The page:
Phils Money Shot Was in the Bank

By George WhiteAugust 15, 2005, 4:00 pm
2005 PGA ChampionshipWhat it came down to was, fittingly enough, a pitch from the rough. Thats the shot with which Phil Mickelson has always been comfortable. He might occasionally be wild with the driver, he might occasionally gas a short putt by the hole; but the little pitch from the rough ' I dont care how deep the rough ' has always been Mickelsons money shot.
 
On television, a camera recorded the faces of Thomas Bjorn and Steve Elkington as Mickelson was ready to hit the pitch - waiting, hoping that they would make it a three-way playoff. But Mickelsons high lob from the deep hay 40 feet away settled softly and rolled 10 feet to gimme range. Bjorn and Elkington knew it was the dagger, and their faces told an agonizing story. There was no way Mickelson was going to blow the putt - and he didnt.
 
Phil Mickelson
This difficult chip on the 72nd hole fell right into Phil Mickelson's comfort zone.
How did we overlook him so grossly? Mickelson, remember, had three wins by April of this year. But alas, he was terribly inconsistent in all the majors. A 10th-place finish in the Masters wasnt bad, but a tie for 33rd in the U.S. Open and then a tie for 60th in the British Open didnt leave his fans much hope coming into the final major of the year.
 
Even worse, look at the final rounds in those three events - a 74 at the Masters, a 74 at the U.S. Open, a 76 at the British. And several times he was staggered by haymakers in this final round. Even of Monday in his final four holes, he faced adversity of the most cruel kind. He bogeyed 16 after popping his tee shot into a bunker ' he didnt have a 3-iron in his bag so he had to attempt to hit 4-iron. And he lipped out on 17, failing to get a birdie. That made 18 a drama of the most extreme variety.

But when he gets it down to a short pitch, you can just about forget it. And Monday thats what it came down to. Mickelson, along with Tiger Woods, has no peers when it comes to the intricate short shots. And though this one came from heavy rough, Phil made it look simple.
 
Well, what would you expect from a kid who faced a similar shot every time he went to the backyard to practice? He must have faced this little pitch a thousand times.
 
We had some pretty thick rough in our backyard (when he was a youngster), and that's exactly what I was thinking on 18, that this is no different from what I've done in my backyard since I was a kid, said Phil.
 
It was a chip shot that I had hit tens of thousands of times in my backyard. But it was one that I had to strike it confidently and aggressive to get the club through the rough. It was sitting a little bit downgrain, which was beneficial because it helped the ball come out a little bit faster to get there. And I think that the rain last night softened the green a little bit, so there wasn't a fear of the ball racing by the hole.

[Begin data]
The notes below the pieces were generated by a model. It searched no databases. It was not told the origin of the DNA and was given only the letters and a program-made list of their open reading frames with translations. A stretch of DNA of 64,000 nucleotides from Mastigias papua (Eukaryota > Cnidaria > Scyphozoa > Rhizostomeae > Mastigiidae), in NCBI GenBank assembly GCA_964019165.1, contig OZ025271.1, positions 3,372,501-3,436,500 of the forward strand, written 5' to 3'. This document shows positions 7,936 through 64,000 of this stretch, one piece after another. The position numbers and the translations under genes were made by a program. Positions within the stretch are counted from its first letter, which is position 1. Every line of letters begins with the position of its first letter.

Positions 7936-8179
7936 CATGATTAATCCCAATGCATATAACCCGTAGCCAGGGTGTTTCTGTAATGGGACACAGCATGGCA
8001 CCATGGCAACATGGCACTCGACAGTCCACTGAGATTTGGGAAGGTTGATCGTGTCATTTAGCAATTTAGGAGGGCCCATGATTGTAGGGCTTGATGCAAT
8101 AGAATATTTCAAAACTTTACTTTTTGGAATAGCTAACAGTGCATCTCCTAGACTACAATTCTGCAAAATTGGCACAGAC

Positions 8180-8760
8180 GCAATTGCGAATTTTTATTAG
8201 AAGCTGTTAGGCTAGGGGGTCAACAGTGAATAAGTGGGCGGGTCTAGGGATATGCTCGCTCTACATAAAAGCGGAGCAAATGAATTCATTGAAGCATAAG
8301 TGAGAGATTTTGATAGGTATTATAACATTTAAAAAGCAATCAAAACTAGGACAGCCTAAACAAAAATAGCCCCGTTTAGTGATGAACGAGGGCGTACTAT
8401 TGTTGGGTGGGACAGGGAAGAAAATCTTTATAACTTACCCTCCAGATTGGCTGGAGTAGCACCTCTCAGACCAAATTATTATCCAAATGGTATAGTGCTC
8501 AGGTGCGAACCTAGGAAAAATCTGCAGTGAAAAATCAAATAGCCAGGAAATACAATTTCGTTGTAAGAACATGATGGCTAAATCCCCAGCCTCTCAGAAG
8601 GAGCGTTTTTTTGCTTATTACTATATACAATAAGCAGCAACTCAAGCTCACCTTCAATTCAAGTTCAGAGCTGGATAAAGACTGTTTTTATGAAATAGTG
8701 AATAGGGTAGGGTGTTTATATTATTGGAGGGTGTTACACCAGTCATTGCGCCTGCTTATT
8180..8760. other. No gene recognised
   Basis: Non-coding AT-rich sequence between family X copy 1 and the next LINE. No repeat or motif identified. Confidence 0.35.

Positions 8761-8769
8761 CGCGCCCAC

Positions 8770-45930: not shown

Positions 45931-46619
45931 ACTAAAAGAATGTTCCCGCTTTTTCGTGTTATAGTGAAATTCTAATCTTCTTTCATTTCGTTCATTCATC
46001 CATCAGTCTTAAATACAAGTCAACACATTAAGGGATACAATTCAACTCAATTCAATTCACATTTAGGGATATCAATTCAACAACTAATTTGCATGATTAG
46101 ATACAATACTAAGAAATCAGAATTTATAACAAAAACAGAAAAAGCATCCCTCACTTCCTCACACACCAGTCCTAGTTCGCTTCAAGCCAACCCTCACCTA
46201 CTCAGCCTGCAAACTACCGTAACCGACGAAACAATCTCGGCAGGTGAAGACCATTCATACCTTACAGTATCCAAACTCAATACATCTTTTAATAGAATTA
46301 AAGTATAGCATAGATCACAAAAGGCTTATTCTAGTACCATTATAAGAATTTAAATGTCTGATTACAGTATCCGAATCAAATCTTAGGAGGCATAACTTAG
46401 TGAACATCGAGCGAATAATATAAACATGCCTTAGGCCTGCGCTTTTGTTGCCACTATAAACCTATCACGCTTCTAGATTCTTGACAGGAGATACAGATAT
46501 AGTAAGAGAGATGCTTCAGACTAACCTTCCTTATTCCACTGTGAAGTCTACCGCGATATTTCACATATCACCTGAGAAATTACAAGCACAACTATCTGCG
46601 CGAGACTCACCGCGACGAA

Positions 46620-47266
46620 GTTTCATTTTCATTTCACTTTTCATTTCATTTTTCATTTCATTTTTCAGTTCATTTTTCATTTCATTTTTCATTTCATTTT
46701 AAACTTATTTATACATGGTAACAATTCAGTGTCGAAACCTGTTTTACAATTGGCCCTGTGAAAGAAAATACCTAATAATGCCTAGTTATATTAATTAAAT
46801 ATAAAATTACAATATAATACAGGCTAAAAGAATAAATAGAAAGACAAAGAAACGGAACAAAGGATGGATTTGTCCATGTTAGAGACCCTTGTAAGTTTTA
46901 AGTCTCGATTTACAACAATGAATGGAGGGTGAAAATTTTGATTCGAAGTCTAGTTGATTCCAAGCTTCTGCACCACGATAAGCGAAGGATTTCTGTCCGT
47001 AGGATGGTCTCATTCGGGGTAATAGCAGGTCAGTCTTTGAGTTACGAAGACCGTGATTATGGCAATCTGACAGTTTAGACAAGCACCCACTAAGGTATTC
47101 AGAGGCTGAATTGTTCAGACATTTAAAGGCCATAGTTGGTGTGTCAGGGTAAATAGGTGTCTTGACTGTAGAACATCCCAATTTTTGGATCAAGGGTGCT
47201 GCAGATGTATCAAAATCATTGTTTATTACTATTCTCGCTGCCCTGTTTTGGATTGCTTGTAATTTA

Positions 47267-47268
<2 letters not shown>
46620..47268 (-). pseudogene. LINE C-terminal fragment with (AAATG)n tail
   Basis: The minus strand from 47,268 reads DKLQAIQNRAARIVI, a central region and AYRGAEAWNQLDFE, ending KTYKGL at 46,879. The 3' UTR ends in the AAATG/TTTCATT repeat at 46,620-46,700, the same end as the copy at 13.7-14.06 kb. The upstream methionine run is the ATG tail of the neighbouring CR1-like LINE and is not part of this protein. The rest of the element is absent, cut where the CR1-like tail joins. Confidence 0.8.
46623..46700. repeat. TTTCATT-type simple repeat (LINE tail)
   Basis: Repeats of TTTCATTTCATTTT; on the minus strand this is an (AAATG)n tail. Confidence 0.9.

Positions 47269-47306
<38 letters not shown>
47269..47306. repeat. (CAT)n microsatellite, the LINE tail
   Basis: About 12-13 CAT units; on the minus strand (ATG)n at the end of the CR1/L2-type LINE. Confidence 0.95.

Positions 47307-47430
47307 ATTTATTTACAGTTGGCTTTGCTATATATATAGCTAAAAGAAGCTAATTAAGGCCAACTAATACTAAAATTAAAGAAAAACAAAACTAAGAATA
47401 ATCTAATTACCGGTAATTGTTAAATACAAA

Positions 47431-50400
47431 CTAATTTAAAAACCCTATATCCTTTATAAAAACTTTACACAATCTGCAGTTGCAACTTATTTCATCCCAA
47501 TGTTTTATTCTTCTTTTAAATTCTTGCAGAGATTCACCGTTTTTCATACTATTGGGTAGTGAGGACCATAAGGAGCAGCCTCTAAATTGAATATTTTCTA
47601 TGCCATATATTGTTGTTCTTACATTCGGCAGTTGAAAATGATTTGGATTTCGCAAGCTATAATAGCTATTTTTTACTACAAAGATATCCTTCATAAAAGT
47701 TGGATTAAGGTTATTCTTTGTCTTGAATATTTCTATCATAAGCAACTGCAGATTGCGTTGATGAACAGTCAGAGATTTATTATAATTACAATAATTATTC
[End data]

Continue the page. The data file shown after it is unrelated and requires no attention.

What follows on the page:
I hit it very confidently and aggressively and the ball popped out perfectly. There's still an element of guesswork, but when it hit the green, it took a bounce and rolled up to within a three foot circle which I felt very confident in.
 
And, at 35, Mickelson learned yet again that you cant let one, two, three or even four tough breaks kick the props out from under you. He had a three-stroke lead after the second round, led by a pair Sunday, but trailed Elkington by two deep into the final round. It was a day for grinding, and Mickelson gritted his teeth and became the ultimate grinder.
 
It was a week where things didn't go perfectly the whole time, he agreed. The first couple of days, the ball was going in the hole. But thereafter, it was not. Yet, I had to gut it out and just find a way to make some pars and find a way to make a couple birdies.
 
It was a wonderful championship with so many of the players in contention who had at least one major title ' Woods, Elkington, Davis Love, Retief Goosen, Vijay Singh. All had their chances. But Mickelson was the one who repeatedly bounced back, repeatedly took a body shot and came back for more.
 
Hes in the middle of his prime now ' unfortunately just as Tiger is, possibly as Singh is. But at 35, he is still learning. And that is a major thing to consider when were all overlooking him as these majors are about to commence.

I thought that the thing I've learned the most, said Phil, is how important it is to control the miss and miss it on the correct side of the course and take out half of the trouble. And being able to do that allowed me to make aggressive swings.
 
Taking out the bunkers off the tee on 18 on the right and being able to rip that drive and go ahead and swing as hard as I want and know it's not going right - that was a big factor. I was able to do that throughout the week; even though I missed it, if you noticed, most every miss was a little bit left and I was able to play it from there.
 
It has made him a completely different player. He always has had a world of talent. Now, hes adding the gray hairs to go with it.

I feel like a different player, he said, not because I won the majors; I just feel like a different player than ten years ago.
 
As I look back and I see highlights of myself playing and I see my putting stroke on the greens at Augusta, I just think, What was I doing? The stroke was so long and I had to slow up to these greens are so fast, I had to learn to putt the fast greens better.
 
When I watch some of the misses that I hit off the tee or certain holes where you just can't miss it - you know, today I made four or five bogeys, but each bogey I was on the proper side to where I could get up and down. There was never an instance where I short-sided myself to the point that I had no chance to make par. And I take a lot of pride in that because that allows me, or gives me the opportunity at least, to shoot a good score.
 
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